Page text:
Didit, I checked my nearby Bed bath and Beyond, and my Linens and Things, also my AC Moore We don't have a Home Goods but I did check Joannes and Michaels and Hobby Lobby on-line. When the world discovers us and brings in more retail markets we will be able to find more supplies but for the moment we are sleepy in the the wintertime and crazy during the summer. . I don't mind. I get to live where others only vacation. Thanks for the help.

  • ulihelisdi 15 May, 2008

    I've always seen these but I have no clue what to hang on them. What type of garments do you use them for?

  • jerseypeach 15 May, 2008

    I found one. It was one of the sponsors of this site. They had 250 hangers for 50 dollars. Hope that helps. You can always sell the extra ones to your friends who are looking for them.

  • ditdit 15 May, 2008

    Jersey Peach- the wooden hangers for the base can be found in AC Moore, Linens and Thins Bed bath and Beyond, Home Goods. any craft shop or home supply store. I am glad to see this project cause no matter what you pay in a store they separate and get flat really soon

  • jerseypeach 15 May, 2008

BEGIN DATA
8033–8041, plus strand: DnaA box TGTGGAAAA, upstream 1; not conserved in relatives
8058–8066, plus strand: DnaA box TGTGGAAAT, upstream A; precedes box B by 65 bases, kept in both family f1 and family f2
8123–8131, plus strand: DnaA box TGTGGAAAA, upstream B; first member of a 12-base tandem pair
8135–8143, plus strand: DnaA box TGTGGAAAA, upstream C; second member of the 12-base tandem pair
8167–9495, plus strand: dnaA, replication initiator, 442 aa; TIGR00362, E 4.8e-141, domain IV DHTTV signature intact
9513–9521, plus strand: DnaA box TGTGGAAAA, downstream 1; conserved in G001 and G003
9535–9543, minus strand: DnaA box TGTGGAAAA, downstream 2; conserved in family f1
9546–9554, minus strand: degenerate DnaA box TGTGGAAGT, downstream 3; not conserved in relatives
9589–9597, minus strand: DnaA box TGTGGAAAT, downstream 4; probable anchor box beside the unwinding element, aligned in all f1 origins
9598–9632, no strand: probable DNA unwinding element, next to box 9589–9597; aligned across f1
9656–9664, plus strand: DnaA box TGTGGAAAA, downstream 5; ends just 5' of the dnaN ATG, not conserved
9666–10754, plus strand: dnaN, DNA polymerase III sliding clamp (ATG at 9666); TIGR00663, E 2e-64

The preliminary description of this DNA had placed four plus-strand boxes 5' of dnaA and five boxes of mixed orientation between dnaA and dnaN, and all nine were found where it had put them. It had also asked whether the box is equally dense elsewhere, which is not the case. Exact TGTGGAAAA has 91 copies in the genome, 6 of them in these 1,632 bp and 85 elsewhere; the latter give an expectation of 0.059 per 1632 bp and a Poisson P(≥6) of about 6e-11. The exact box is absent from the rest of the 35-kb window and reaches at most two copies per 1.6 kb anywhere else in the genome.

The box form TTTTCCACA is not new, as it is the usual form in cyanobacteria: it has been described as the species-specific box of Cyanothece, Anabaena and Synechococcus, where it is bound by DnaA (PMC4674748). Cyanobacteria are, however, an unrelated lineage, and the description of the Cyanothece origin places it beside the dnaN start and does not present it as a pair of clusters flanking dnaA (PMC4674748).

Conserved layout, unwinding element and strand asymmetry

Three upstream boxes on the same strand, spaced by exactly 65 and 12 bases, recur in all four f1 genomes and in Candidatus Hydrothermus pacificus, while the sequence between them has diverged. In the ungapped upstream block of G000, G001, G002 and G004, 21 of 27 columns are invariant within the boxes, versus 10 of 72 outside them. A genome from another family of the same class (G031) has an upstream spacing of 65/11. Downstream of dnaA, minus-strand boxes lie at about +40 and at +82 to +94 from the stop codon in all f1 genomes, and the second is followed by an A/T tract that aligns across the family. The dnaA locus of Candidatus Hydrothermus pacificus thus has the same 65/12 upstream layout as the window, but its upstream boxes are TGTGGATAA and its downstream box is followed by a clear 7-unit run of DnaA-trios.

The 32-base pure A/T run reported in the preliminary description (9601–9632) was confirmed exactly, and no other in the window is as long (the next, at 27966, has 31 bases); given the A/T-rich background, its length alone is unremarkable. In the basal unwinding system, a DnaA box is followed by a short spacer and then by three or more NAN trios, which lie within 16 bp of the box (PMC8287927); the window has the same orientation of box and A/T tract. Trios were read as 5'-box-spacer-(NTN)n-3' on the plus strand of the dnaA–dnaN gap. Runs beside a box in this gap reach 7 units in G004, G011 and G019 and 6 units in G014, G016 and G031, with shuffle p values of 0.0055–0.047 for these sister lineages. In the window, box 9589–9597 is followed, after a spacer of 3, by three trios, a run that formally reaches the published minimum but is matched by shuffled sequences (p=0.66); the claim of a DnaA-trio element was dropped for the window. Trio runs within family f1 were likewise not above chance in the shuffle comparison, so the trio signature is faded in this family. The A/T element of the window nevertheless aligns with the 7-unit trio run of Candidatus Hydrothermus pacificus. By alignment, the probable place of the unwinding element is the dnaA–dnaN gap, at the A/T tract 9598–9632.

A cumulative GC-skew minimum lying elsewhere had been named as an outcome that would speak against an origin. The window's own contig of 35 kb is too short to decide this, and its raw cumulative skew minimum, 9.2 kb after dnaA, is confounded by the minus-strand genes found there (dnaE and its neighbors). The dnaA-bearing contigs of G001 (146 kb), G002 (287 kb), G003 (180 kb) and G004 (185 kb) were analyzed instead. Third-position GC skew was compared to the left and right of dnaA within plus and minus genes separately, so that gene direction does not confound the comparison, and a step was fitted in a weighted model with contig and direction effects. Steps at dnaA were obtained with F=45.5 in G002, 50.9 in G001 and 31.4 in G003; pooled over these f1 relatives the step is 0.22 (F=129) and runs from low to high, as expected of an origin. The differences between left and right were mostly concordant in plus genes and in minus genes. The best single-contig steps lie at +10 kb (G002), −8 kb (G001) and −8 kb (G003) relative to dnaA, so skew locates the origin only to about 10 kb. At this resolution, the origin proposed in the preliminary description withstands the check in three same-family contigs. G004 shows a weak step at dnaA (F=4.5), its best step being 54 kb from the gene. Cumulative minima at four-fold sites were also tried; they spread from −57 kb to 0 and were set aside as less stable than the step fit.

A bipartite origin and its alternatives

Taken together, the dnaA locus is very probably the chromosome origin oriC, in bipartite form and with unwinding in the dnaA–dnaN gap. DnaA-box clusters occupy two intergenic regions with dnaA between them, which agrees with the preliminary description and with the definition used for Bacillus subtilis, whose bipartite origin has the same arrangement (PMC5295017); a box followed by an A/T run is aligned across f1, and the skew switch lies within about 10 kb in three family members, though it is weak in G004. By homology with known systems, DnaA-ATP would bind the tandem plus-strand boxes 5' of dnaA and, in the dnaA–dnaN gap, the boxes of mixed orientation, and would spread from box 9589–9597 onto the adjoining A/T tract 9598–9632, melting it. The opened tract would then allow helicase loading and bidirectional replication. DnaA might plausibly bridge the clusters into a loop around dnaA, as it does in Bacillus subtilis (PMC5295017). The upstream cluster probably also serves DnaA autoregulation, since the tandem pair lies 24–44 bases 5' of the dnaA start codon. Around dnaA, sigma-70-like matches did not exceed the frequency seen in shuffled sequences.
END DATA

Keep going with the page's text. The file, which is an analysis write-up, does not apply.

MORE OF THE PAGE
I have been trying to make these hangers and have searched the internet for the hangers. I have not been able to find a source for them. Is there anyone who knows of one. I would be appreciate a link. I have been searching every possible way that I can think of and I know they are out there somewhere. HELP anyone?

  • scatteredstitches 15 May, 2008

    I would make several up ahead of time and add personal touches prior to giving as gifts, according to the occasion. I also do machine embroidery, so I can add designs to fit an occasion prior to assembly. Problem is, I cannot find these wooden hangers in adult and/or child size, with the moveable vinyl coated hook, for some time now. I could not find them in Martha's online store. I wish I could find them online to purchase!

  • wduke2 15 May, 2008

    You can update the look of this old idea with the great new fabrics that are so "in" right now such as Amy Butler fabric. Not only are they cute, but they really work for sweaters, flimsy fabric tops and wide neck tops. Great idea.


  • bonesnuttly 15 May, 2008

    How cute! Just like my aunties. I remember their closets always look so feminine and beautiful. I am going to make some for my daughter's closet to match her room, I know she will love them as much as I do. What a great gift for a bride-to-be .

  • pelican66 15 May, 2008

    this is the kind of 'martha'craft' i just love.......the finished product is so professional looking. thank you!

  • NoaShaiHanna 15 May, 2008

    Wish they would show some step by step photos about the battering and insertion.

  • shazzacatzz 6 Jan, 2008

    This is great - I always made a single tube, took the hook out, and then struggled to find the [filtered word] for the hook again - this is just so much esier!